Well done, Dad.

Our friends and church families overwhelmed us with love and support for Dad’s celebration weekend. His calling hours on Saturday, September 23 and the memorial service on Sunday, September 24 were amazing to us, with hundreds and hundreds of people coming to show their respect and love. I can only imagine the wonder, amazement, and gratitude Dad felt if the Lord allowed him to know what was going on.

The respect and regard shown to and for Dad was not because he was 96, or because in World War II he was brave. It wasn’t because he had married well and raised four children with his wife. It wasn’t because of numerous contributions he had made in a variety of arenas over the years. While all of those things were mentioned, and all of them were completely true, there are many other people who have done similar things that brought them applause and adulation at that moment. But somewhere along the way, they made a misstep. They took a detour from the “straight and narrow,” and while they had done great things and built a marvelous legacy in days gone by, their current behavior and choices tarnished it. In fact, everyone can think of an example or two of someone in political or religious history who lived an exemplary life for a while, and then trashed their image and reputation with choices in later life. When people think of them when they are remembered after death, it is their failures that are recalled.

Dad didn’t tarnish the sheen on his life. And that’s why his weekend was so memorable, and why the large crowd spontaneously stood to honor him as his casket passed by them in his final journey out of the church. They were acknowledging that “this man finished well.” Every stellar moment in his past was still true of him on the 259thday of his 96thyear.

This was not an accident. It was a planned and persevering effort. Daddy was conscious of how easy is would be to drift and not live up to what God had given him and done for him. I think the things he did are worthy of imitation and I for one am doing similar things for myself.

  • After Mother died, he amped up his involvement in his small group, and made sure he had accountable relationships that strengthened and grew him. He didn’t want to miss a single time they got together, and he would humbly and transparently ask for prayer.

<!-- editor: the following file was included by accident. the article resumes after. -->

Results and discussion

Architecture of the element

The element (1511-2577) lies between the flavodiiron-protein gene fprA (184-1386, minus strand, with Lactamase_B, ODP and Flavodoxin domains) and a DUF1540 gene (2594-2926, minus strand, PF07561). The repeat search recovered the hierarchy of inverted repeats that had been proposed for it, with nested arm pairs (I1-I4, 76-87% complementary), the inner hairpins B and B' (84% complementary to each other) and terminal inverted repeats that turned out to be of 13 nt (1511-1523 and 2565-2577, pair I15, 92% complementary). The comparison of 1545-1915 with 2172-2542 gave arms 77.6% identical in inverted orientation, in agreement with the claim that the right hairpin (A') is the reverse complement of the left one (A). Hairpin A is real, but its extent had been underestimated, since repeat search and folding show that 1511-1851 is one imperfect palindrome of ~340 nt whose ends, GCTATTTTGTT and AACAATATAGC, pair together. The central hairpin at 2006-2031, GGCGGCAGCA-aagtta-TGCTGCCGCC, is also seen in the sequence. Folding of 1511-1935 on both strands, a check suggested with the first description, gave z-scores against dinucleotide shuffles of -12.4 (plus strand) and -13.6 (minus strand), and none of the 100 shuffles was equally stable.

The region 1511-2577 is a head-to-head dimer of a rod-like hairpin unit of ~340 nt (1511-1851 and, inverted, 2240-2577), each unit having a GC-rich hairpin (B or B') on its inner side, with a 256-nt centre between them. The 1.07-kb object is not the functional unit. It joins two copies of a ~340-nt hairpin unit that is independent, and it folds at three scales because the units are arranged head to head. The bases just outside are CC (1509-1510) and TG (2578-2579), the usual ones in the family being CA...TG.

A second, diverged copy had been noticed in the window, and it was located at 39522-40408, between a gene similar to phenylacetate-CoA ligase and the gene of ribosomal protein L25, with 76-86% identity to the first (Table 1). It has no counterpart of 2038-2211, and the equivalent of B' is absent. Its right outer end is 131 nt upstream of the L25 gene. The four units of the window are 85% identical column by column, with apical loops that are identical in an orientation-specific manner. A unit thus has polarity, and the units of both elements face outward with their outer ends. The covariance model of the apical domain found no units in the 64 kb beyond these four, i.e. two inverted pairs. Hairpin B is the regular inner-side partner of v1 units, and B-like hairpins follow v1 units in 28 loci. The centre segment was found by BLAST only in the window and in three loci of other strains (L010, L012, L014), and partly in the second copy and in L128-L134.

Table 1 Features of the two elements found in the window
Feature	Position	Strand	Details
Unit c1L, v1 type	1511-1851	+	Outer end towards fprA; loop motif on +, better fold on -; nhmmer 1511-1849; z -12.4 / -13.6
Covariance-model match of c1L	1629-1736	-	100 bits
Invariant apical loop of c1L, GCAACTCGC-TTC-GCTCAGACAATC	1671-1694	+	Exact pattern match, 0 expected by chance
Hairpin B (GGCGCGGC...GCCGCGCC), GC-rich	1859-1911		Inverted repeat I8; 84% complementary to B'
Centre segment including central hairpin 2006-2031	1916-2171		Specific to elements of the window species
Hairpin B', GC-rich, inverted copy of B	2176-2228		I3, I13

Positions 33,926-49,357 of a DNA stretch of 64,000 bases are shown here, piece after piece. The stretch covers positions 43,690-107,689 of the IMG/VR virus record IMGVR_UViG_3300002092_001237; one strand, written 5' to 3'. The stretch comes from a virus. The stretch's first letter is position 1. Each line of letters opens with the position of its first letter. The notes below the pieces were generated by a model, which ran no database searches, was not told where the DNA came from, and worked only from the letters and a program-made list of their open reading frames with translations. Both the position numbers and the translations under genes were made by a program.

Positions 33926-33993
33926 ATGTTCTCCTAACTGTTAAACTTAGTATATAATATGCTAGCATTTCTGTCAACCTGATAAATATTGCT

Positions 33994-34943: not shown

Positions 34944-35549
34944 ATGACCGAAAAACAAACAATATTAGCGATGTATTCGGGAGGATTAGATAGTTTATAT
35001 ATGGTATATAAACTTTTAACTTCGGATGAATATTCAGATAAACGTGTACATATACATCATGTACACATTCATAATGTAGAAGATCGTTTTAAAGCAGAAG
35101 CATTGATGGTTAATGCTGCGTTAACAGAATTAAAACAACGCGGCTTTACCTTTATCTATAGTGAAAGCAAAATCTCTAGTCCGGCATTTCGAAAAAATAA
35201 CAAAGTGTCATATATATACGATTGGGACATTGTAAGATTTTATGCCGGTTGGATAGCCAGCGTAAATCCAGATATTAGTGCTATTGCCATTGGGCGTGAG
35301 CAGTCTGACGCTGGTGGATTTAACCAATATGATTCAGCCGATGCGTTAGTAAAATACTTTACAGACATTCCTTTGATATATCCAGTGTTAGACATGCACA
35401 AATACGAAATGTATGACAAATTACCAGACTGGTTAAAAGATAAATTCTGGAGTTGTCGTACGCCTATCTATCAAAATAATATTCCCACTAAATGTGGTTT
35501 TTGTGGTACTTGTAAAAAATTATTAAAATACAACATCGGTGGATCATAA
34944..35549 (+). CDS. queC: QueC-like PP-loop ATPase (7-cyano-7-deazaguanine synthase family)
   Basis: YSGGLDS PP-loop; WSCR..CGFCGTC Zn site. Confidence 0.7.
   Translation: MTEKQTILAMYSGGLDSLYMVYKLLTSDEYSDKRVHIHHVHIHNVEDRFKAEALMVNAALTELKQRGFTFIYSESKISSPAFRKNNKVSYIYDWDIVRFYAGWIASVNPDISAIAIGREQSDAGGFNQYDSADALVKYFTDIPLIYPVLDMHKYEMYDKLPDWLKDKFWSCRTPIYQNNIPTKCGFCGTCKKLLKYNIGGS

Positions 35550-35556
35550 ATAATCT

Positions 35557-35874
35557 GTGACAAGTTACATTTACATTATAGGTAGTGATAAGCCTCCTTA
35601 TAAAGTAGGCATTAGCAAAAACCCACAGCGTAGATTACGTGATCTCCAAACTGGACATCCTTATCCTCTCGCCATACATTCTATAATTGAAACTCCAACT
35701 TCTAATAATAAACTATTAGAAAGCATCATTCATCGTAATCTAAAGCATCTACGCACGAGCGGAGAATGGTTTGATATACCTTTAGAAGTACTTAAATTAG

• He kept himself busy, doing things that would grow young believers. As long as he was able, he graded papers for prisoners who were trying to get an education. He discipled several young men in his home, fixing them humble little lunches when they would come over. He served in the nursery at his church, rocking babies and telling the parents how precious their children were. He attended Grief Share, and then signed up to be part of it again and again to help others grieve their way to health.
  • When he was no longer able to live alone, he chose to live in the nursing home instead of one of our homes because he wanted to still be able to serve and minister to others. There is no way, by the testimony of the staff and residents there, to measure the impact of that choice, the thousands of prayers said over these last three years, and the words of encouragement shared.
  • Daddy owned the fact that he was not too great or too far along to fall.Daddy would tell me that he wanted me to pray that he would not do anything to bring shame upon the name of Jesus or the Mason family. He was asking this as a 90+-year-old man!I always thought, “I should be asking you to pray for me on that.” Dad’s awareness of his need and humility about it echoed the truth of 1 Corinthians 1:12: “If you think you are standing firm, be careful lest you fall.”
  • Daddy was always a giver. Not just a giver, but a man of radical generosity. He always said that he wanted to die broke. Guess what? He did. He didn’t buy things for himself. He always drove a used car, wore his clothes until they were worn out, and he and Mother shopped at the thrift stores and Goodwill. His idea of having a night out was eating at Taco Bell. He loved to live simply because it freed up money and resources to give to others. He was never interested in leaving us an estate—he always believed it was best to help us when we needed money, and he did. He said it was best to give at the point of anyone’s need rather than leaving it after your death, and that’s what he did. One of the family treasures is a little red financial record book where he kept note of how God directed him to use his resources. His giving averaged about 18 charitable causes including the churches his children served/attended. He and Mother paid for 27 different children to have their cleft palates repaired, and have a normal life. I could go on, but you get the point. He had a very average, even below-average income, but he made an above-average impact with what he had.
  • He made his relationships first priority—he started with his God. Even when he talked about heaven, it was about seeing Jesus first of all, not Mother or his parents, daughter, or siblings, all whom he dearly loved. His relationship with God took top priority—you would always find Dad reading or praying. It was never a career or job to him—it was his source of strength. No human was loved and prioritized more than his sweetheart and wife, our mother. We all knew it. This didn’t cheat us kids . . . we were a priority, too. Whatever we needed or even desired, Dad tried to make happen. He was a devoted friend.
  • He was able to love so well because he majored on the major things of life and not on the minors.


And those are just a few of the reasons Dad was celebrated so profoundly. His prayers were answered. He finished well. He finished without tarnishing his life. I am gratefully proud to carry his name. I pray that I will finish well, too. My strongest efforts are in that direction.

Thank you, Dad. Well done.

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